2 Indonesian soldiers injured in explosion in central Jakarta
Robie de Guzman • December 3, 2019 • 159
Jakarta – Two Indonesian soldiers were injured, one of them seriously, in an explosion at the National Monument park in central Jakarta on Tuesday, military officials investigating the incident said.
Armed forces spokesperson Eko Margiyono said at a televised press conference that they suspect it was a case of a smoke grenade that exploded during a sports event in the park located near the presidential palace.
Police cordoned off the area, although the monument remained open to the public while investigations continued into the incident.
It was not clear whether the explosion was an accident or an attack.
The two soldiers, who were exercising in the park at the time of the explosion, suffered injuries to their arms and legs, according to images shared on social media.
They were transferred to the intensive care unit of the Gatot Subroto Army hospital, where their condition was stable, according to the authorities.
The incident comes three weeks after a suicide blast at a police station in Medan, on the island of Sumatra, which left six injured.
Indonesia has suffered several extremist attacks over the last two decades, including on the island of Bali in 2002, which killed 202. EFE-EPA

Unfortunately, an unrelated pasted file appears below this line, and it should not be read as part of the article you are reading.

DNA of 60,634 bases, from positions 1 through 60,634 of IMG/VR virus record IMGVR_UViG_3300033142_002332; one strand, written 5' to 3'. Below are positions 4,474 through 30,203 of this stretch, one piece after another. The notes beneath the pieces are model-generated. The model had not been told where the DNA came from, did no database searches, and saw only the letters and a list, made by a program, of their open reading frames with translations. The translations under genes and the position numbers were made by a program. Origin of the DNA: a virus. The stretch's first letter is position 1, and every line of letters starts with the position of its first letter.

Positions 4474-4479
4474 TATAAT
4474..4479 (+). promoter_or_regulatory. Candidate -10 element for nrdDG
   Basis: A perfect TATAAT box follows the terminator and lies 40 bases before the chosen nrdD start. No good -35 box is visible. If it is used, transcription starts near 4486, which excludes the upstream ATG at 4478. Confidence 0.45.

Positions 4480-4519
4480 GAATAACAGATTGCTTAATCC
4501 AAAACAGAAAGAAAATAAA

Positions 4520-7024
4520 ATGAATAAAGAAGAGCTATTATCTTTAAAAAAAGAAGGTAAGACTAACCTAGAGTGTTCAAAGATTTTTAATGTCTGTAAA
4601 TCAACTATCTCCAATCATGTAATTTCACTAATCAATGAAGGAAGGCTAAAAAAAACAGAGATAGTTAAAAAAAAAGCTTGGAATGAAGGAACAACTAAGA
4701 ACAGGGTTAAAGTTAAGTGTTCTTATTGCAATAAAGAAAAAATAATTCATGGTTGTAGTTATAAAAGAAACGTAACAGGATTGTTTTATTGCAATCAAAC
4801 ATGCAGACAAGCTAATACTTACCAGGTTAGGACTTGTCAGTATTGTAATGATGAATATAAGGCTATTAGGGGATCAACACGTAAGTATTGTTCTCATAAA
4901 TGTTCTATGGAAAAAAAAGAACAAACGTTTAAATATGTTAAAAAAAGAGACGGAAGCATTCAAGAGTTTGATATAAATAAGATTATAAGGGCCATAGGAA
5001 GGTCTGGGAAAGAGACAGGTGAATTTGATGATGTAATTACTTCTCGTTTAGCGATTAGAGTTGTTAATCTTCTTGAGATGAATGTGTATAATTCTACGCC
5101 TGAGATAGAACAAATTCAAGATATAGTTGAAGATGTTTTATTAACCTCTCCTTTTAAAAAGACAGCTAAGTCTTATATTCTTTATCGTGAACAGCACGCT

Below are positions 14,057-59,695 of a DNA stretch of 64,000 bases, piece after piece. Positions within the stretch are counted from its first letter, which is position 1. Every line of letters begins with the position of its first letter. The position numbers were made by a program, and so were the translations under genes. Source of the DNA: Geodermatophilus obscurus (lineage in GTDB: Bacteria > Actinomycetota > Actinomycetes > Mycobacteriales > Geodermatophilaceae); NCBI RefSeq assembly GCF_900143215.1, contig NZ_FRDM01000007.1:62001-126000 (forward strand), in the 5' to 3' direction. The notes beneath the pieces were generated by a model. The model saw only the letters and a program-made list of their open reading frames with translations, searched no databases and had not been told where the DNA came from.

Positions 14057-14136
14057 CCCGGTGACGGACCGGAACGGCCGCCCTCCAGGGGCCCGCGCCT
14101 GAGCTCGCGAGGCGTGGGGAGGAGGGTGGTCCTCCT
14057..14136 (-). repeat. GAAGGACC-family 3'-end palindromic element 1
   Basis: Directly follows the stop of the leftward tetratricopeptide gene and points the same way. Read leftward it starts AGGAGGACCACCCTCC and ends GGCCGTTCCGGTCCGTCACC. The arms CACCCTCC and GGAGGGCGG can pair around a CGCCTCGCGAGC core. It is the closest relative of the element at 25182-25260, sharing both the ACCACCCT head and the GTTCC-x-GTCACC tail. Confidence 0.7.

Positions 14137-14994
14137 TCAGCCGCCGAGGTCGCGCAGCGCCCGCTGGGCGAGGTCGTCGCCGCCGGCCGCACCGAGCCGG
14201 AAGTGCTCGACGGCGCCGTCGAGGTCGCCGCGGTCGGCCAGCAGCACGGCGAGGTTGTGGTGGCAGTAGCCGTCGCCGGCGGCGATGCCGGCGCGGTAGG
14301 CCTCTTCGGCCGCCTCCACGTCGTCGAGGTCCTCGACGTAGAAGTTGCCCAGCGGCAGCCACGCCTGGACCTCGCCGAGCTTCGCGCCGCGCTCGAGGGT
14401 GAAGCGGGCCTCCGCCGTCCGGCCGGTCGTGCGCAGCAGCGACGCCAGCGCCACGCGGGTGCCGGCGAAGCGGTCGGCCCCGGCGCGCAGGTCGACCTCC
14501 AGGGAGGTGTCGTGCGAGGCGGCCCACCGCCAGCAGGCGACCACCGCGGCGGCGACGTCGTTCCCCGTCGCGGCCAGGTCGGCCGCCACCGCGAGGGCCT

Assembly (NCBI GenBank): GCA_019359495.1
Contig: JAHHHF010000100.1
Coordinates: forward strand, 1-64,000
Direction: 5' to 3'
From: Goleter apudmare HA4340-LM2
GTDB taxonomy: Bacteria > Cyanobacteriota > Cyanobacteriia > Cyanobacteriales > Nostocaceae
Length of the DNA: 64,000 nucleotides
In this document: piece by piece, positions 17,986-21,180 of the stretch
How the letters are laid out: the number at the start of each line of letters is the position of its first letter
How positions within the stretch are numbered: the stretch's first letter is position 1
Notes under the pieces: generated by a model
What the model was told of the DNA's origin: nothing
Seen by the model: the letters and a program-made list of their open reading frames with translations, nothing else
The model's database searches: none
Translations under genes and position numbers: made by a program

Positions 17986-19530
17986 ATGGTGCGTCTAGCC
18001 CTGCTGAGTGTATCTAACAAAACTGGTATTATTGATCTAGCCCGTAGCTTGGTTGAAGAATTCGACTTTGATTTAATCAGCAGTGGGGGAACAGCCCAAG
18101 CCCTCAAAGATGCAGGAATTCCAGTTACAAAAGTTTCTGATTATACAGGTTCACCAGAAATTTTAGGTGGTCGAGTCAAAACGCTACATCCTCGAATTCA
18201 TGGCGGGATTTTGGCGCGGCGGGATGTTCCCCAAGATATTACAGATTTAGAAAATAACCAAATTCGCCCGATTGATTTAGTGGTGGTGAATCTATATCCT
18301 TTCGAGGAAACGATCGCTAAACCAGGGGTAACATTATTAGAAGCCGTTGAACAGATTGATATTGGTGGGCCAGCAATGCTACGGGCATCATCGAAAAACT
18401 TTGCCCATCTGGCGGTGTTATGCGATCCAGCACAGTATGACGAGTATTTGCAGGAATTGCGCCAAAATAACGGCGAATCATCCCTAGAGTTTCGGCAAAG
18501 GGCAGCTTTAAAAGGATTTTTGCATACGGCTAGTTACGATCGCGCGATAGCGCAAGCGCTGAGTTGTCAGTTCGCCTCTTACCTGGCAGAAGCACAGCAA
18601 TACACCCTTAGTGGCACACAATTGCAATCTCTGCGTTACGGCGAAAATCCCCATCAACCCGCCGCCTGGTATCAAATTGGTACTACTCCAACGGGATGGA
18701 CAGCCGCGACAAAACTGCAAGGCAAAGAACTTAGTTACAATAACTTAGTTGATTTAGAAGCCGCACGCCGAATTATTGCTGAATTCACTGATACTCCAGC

MANILA, Philippines – The Philippine Embassy in Jakarta on Monday (October 28) issued an advisory regarding the Indonesian government’s newly imposed measures for travelers coming from the Philippines following the reported third case of polio virus infection in the country.
According to the advisory, all travelers from the Philippines who wish to enter and stay in Indonesia for at least four weeks need to have immunization from vaccine-derived poliovirus (VDPV) Type 2.
Each traveler should, at least, present an International Certificate of Vaccination (ICV) or other acceptable document as proof of anti-polio immunization.
The embassy added that in case the traveler is unable to present poof of immunization, Indonesian port authorities will provide vaccination and certification for a fee of IDR175,000 or about P675.
If the traveler refuses vaccination, the embassy said, he or she will be banned entry to Indonesia and eventually face deportation.
The advisory clarified, however, that the new measure applies only for travelers who intend to stay in Indonesia for at least four weeks.
Travelers who wish to stay for less than the given period are exempted from the forced vaccination.
Likewise, vaccination is not mandatory to departing passengers, the embassy said.
Two Indonesian vessels arrived at Alava Pier in Olongapo City on Tuesday (October 15) for a goodwill visit to the Philippines.
The ships, Bung Tomo-class corvette KRI John Lie (358) and SIGMA-class corvette KRI Frans Kaisiepo (368) will remain in the country until October 18.
The visit aims to establish diplomatic relations and promote Indonesian culture and tourism.
“The visiting navy personnel will engage their Filipino counterparts during confidence-building activities such as shipboard tour, reciprocal receptions, and friendly games,” according to the Philippine Navy.
It is the second goodwill visit of Indonesian Navy to the country this year following the arrival of their training ship KRI Bima Suci last August.—AAC
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